Tax collectors in the first century were despised by the Jewish people. They were seen as cheats and traitors for enriching the Roman occupiers by selling out their own countrymen. In fact, the religious leaders of the day said tax collectors could never be “saved.” They had too many sins to repent of in one lifetime. Consequently, the people hated them with a “religious” kind of disgust. Tax collectors may have been wealthy, but they were also isolated from the community of faith and the things of God.

It was shocking, then, that Jesus called Matthew to become one of his disciples. No one saw that coming. Most of Jesus’s students were Torah-observant Jews, but not Matthew. Jesus had compassion on him anyway. Matthew left his tax booth immediately and started following Christ, inspired, no doubt, by his message that even tax collectors could have eternal life. The bigger shock was that Jesus also attended a banquet at Matthew’s house, which would have been scandalous for any rabbi to do.

All through the Gospels, everyone is amazed by the surprising company Jesus keeps. They’re also amazed by the people he serves. But Jesus is willing to disciple anyone who will follow him. And he’s willing to dine with anyone who will host him. When people complain about Jesus for being so kind toward people like Matthew, he says he hasn’t come for the healthy but the sick (v. 31).

He then gives three illustrations about the grace of God that would become such a hallmark of his ministry—the illustration of the bridegroom (a time for joyful relationship, vv. 34-35); the illustration of the garment patch (a time for New Covenant forgiveness, v. 36); and the illustration of the wineskin (a time for overflowing grace, vv. 37-38). The banquet at Levi’s house, then, shows it’s not just our moral lives but our social lives that reveal whether we understand the heart of Jesus.

Most people looked at Levi and saw only an irreligious tax collector. Jesus looked at Levi and saw Matthew, author of the first Gospel. Church history tells us that Matthew was martyred ca. 65 A.D., proclaiming the risen Christ until his death by beheading in Ethiopia. 

We learn from this meal that authentic outreach goes way beyond religious pronouncements; it entails winsome interaction. We also learn that open doors lead to open hearts; that’s why strict isolation from “sinners” is not the call of the Christian disciple. The heart of the Lord is compassion, which can only be shared up close.

Who is at your table? If “doing lunch is doing theology” (Conrad Gempf), then what kind of theology do you have? If there’s a place at God’s table for you, shouldn’t there a place at your table for someone else who needs divine grace?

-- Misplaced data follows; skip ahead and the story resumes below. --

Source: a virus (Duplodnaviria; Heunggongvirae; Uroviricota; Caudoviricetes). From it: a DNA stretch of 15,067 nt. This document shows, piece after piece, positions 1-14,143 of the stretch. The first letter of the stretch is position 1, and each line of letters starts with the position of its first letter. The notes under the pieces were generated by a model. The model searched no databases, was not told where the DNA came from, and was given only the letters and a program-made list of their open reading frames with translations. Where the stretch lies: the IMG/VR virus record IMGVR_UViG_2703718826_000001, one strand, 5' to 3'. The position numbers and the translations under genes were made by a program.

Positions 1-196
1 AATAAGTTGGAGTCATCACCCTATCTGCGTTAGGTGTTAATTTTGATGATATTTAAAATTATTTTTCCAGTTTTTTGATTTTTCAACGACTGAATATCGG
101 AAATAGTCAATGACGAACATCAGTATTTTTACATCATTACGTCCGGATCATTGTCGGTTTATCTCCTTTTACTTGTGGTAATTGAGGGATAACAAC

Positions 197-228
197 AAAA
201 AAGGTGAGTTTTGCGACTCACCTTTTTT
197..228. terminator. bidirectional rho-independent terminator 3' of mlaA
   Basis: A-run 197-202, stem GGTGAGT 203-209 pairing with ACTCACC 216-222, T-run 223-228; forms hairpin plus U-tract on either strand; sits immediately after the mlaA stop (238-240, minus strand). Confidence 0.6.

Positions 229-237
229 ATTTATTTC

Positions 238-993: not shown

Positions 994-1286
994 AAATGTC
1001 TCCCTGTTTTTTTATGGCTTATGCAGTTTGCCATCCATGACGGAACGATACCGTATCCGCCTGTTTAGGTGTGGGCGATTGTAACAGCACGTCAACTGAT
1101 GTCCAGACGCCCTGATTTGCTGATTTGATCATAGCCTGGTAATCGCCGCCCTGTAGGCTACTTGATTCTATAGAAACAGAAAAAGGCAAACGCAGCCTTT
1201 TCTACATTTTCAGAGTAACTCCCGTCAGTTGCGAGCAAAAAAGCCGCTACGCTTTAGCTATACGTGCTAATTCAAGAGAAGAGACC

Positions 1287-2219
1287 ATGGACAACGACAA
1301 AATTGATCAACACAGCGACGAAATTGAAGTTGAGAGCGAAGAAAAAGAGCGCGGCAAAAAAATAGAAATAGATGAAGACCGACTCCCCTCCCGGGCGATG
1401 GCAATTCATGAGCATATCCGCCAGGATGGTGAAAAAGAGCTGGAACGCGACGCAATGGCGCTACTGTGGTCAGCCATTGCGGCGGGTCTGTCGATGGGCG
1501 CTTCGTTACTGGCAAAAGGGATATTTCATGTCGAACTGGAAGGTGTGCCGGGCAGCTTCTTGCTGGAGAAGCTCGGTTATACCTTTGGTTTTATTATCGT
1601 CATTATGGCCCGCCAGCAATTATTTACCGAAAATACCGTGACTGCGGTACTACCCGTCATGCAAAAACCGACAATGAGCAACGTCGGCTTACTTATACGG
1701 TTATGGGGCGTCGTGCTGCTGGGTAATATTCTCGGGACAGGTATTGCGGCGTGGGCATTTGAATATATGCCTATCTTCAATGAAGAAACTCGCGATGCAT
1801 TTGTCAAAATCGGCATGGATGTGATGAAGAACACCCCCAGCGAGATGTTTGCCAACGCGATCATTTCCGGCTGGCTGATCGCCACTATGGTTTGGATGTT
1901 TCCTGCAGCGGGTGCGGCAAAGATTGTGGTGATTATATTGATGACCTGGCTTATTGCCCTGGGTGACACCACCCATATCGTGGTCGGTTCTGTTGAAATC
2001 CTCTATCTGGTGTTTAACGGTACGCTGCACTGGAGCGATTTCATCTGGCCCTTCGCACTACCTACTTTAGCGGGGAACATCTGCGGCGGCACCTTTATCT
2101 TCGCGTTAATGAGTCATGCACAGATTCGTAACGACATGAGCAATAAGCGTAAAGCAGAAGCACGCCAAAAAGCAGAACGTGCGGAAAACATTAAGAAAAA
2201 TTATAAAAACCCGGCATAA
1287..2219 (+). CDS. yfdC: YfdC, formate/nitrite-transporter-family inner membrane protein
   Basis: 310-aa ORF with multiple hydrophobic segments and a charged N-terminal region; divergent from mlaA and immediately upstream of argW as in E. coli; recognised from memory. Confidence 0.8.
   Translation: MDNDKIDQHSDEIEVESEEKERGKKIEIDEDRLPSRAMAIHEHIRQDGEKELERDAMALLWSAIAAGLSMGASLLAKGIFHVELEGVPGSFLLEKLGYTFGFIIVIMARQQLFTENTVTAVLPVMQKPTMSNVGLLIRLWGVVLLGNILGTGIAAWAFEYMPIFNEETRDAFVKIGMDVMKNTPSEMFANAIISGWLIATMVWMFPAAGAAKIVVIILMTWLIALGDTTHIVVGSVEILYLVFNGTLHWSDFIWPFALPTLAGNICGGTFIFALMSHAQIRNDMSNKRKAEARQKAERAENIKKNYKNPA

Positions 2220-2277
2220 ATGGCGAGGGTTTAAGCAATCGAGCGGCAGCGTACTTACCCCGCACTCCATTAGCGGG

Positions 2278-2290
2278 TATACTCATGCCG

Contact This New Life directly for the sermon audio file.

Turning the Tables, Part 1: The Son of Man Came Eating & Drinking (Luke 7:28-35)

Fill in the blank: “The Son of Man came __________.” How would you respond? Teaching and preaching? Healing and forgiving? Loving and restoring? Dying and rising? All good answers, but Luke 7:34 says, “The Son of Man came eating and drinking.” In fact, a major feature of Luke’s Gospel is that Jesus is usually going to a meal, at a meal, or coming from a meal. If you love to eat, Luke is your Gospel.

But wait a minute. Does that sound like the lifestyle of a holy man to you? Does that sound like the behavior of a prophet? More feasting than fasting? More parties than protests? What kind of rabbi is this? The rap on Jesus was that he was “a drunkard and a glutton” (Luke 7:34). Now, Jesus was neither of those things—the Bible says he never sinned—but he did give his enemies enough ammunition to make the charge stick.

And they made the charge stick, not because he was eating and drinking per se, but because of the kinds of people he had at his table—those who were awfully low on the religious food chain. And there’s no indication such folks even had to “repent” before they could come and eat at Jesus’ table! The fact that they came at all—and ate and enjoyed his welcome—was apparently repentance enough for Jesus.

What’s going on here? It’s called grace. And grace is often a threat to the religious mind. Tim Chester has said, “In Luke’s Gospel Jesus got himself killed because of the way he ate.” That’s hardly an overstatement. Before Jesus ever picked up the cross, he picked up the fork. And when he did, he turned the tables—and everything changed!